Skunk spray is so potent that it can knock you out or even kill you—and now we know why the North American mammals evolved the noxious stuff.
Skunks are nocturnal, and their predators rely heavily on scent to navigate in the dark. But skunks evolved a counterattack: Their foul and damaging spray foils would-be attackers, according to Ted Stankowich, co-author of a new study on the subject in the International Journal of Organic Evolution.
“Mammals use scent a lot in their daily lives, so being able to spray a predator with something that’s truly awful would knock them out,” said Stankowich, an animal behaviorist at the University of California, Long Beach. “When dogs get sprayed, they might get chemical burns.”
For the study, Stankowich and colleagues did an extensive study of 181 species in the order Carnivora, of which the skunk is a member, and compared them to see how predation and other variables influenced the evolution of “noxious weaponry” like spraying.
This form of defense is a type of chemical weapon found often in nature. In skunks, the oily spray is stored in a skunk’s anal sacs and can shoot out of their butts up to ten feet (three meters) away. (Also see “Why Skunks Have Stripes: To Point to Fierce Anal Glands?)
All carnivores have these anal glands, but not all of them stink, said the University of New Mexico’s Jerry Dragoo, a biologist who was not affiliated with the study. For example, beaver secretions smell like vanilla and are used to mark territory.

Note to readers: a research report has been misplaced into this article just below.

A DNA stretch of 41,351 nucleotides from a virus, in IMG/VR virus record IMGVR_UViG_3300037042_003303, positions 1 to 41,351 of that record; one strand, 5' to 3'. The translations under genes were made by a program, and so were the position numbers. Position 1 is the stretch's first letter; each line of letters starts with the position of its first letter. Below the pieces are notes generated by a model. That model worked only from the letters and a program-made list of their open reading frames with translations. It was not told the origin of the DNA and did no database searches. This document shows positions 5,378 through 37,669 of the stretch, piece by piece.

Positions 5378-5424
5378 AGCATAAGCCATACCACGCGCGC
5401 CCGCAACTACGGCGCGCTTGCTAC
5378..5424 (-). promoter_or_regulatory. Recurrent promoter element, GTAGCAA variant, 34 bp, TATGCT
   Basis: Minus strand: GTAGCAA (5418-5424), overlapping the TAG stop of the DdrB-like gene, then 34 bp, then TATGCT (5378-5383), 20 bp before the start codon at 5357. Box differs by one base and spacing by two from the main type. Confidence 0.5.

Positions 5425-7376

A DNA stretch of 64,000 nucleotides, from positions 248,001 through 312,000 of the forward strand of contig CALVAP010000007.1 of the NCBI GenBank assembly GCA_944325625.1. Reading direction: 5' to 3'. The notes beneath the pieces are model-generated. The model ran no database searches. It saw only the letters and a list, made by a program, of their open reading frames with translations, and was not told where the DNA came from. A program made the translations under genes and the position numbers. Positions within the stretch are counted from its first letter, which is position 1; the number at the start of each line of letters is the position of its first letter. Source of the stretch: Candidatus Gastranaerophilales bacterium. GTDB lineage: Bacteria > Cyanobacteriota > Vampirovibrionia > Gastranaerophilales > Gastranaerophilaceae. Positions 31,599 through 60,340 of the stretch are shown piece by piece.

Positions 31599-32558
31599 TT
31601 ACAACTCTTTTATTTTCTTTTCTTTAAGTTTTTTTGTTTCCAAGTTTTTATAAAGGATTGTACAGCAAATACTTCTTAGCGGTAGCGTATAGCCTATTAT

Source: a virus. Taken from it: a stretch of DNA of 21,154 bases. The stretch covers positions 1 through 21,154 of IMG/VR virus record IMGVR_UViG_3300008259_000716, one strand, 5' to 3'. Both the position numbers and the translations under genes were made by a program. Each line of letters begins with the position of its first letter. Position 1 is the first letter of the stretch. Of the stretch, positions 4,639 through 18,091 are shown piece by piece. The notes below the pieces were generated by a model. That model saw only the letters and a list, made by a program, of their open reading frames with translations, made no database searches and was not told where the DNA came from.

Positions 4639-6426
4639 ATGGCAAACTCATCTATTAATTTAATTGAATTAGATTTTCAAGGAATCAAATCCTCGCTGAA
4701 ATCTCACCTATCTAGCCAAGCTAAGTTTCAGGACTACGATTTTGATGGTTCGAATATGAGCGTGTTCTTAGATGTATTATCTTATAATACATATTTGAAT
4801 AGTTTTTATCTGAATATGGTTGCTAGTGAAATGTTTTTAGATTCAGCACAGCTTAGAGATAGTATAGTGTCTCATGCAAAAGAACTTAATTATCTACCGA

But skunk spray includes chemicals called thiols, sulfur-containing compounds that help give the liquid its awful stench. Thiols are also used in anesthetics and antispasmodics, which is why they have such a profound physical effect on potential predators.
One Tough Mammal
Dragoo noted that skunk musk is a highly effective means of avoiding physical confrontation and buying extra time to get away from hungry predators.
“If a big animal is coming after you, and you can spray a noxious chemical at it, they usually stop chasing you,” Dragoo said. “The skunk can defend itself.” (Watch a skunk video.)
But skunks—to their credit—generally use spraying as a last resort, flashing their black-and-white colors, doing a little dance, and thumping the ground as a first warning.
They’re also scrappy, with teeth and claws they’re not afraid to use.
And it seems to work: Stankowich noted that skunks rarely die from being killed by predators.
High concentrations of skunk spray are toxic and potentially fatal to humans, according to a 1999 study in Chemical Educator. The powerful stuff has been likened to tear gas because it can cause temporary blindness, coughing, and gagging.
But not for Dragoo, one of the few scientists willing to study the Pepe Le Pews of the animal kingdom. When Dragoo first started surveying the woodland creatures, he was surprised to find that he wasn’t affected by their odoriferous excretions—turns out, he’s one of the few that cannot smell skunk musk.
“The first skunk that sprayed me, I wasn’t sure what happened,” he said. “I looked at the animal, and he looked back at me, and there were yellow spots all over me. I couldn’t understand why people were making such a fuss.”
After three days in the field, Dragoo returned to work unknowingly smelling to high heaven, and “they wouldn’t let me back in the building.”
“People complain that their eyes are burning; they’re gagging and wheezing,” he said. “They have to leave.”
“Skunk spray all smells like rose petals to me!”
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